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Old April 26th, 2008, 01:59 PM   #1851
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http://seattletimes.nwsource.com/htm...tation25m.html

Friday, April 25, 2008 - Page updated at 12:00 AM

Sound Transit turns to citizens in push for expansion plans
By Mike Lindblom

Seattle Times transportation reporter

Sound Transit is fast-tracking a possible route to the November ballot by showing transportation expansion plans to citizens this spring, even though agency leaders haven't figured out several crucial details.

In about two weeks, a mass mailing will display maps of potential rail, bus, and park-and-ride locations in Snohomish, King and Pierce counties, along with instructions on how to comment.

Transit-board members voted Thursday to seek more feedback before they decide whether to call a public vote.

A 20-year "Roads & Transit" construction plan was defeated last year. One question for board members is whether to field a ballot proposition now or wait until 2010.

Another question is money: whether to boost sales taxes an average of $100 or $125 a year per household, and for how many years.

A downsized 12-year version, nicknamed "ST 2020," is opposed by board members from Snohomish County, because light rail wouldn't cross the county line to Mountlake Terrace.

Snohomish County Executive Aaron Reardon, along with Deanna Dawson, an Edmonds City Council member, argued Thursday that last year's bigger plan to reach Lynnwood should remain in play. Rail would reach Northgate and at least downtown Bellevue but stop short of Federal Way, on a south line under new options.

Everett Councilmember Paul Roberts cast the lone vote against the public outreach, saying there "are too many unanswered questions."

He won't support express buses instead of rail, because the state lacks a plan to reduce clogs in high-occupancy freeway lanes.

"I feel like we're running through the street trying to get dressed," he said.

Board Chairman and Seattle Mayor Greg Nickels, who wants an early vote, called last year's roads-and-transit proposition "a shotgun marriage" and said nobody is asking him for less transit. "We have a public that wants action," he said.

Another problem is the lack of a deal with BNSF Railway on two transit proposals: for additional Sounder commuter rail trips into Pierce County, or to convert a freight line to limited passenger service from Snohomish to north Renton.

Past BNSF deals took years to negotiate and cost tens of millions of dollars more than Sound Transit first hoped. An independent Expert Review Panel urged Sound Transit to reach a "term sheet" agreement before a transit election, something Chief Executive Joni Earl said she intends to do.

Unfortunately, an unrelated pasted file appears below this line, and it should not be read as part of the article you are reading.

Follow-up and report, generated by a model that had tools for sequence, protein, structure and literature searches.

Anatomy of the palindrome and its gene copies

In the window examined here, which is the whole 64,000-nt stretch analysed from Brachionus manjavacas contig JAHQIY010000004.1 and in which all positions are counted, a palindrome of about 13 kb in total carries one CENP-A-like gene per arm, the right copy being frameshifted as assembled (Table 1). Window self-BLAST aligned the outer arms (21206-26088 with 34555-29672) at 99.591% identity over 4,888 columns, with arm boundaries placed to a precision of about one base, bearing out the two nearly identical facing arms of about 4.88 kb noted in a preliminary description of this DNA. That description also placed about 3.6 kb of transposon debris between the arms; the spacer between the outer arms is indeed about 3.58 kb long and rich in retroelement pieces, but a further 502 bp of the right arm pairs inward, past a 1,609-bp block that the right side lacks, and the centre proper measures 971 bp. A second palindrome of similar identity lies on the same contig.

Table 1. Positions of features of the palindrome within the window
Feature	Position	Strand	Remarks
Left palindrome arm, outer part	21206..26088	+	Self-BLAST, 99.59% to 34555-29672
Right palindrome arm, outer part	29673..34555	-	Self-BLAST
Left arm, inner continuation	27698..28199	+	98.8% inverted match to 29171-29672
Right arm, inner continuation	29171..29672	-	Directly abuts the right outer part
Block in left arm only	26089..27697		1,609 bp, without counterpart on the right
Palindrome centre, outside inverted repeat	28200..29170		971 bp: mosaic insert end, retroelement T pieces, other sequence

Also at issue is the Interstate 90 floating bridge, where concrete must be removed to add buoyancy if light-rail trains are to run there from Seattle to Bellevue.

State Transportation Secretary Paula Hammond, a board member, said construction and bridge-maintenance costs are unclear, and could increase.

She said studies aren't yet done to predict the effect on traffic, especially freight, from losing two road lanes. "I'm leaning 'no,' " she said of putting the issue before voters this year. "Why would you go back to a vote, when you don't have the answers?"

As gasoline prices approach $4 a gallon, backers such as Redmond Mayor John Marchione and Sumner Mayor Dave Enslow said they should keep trying for a plan this year.

With several highway-tolling proposals being considered around the state, Nickels argued transit lines are urgently needed. "I think it requires that we create an alternative to driving, and paying an $8 toll," he said.

Mike Lindblom: 206-515-5631 or [email protected]
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Old April 26th, 2008, 05:09 PM   #1852
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I had the same question.

The other thing that I don't understand is that the new proposals are nearly as expensive as the previous $10.8 billion plan that failed at the ballot box last fall. The previous plan was to have built 50 miles of light rail. The cost estimates for the new proposals are $9 billion and $10.4 billion respectively but they don't build nearly as much light rail. The article states that the cost numbers don't include bond repayments. I take this to indicate that the cost numbers reflect just the cost of construction and possibly operating subsidies for a limited period.
I can answer both of those.

First, downtown Bellevue would likely be underground, but nobody's deciding on that before a measure passes. It's far too contentious.

On the costs - the $10.8 billion was capital costs only. These new numbers include operating costs, *and* don't just build light rail. The mix of projects is quite different - buying up land in Snohomish, building more HOV projects, and nearly doubling Sounder South service.

I also note that last year, we were warned that waiting a year would dramatically increase costs. Construction inflation is still strongly outpacing CPI.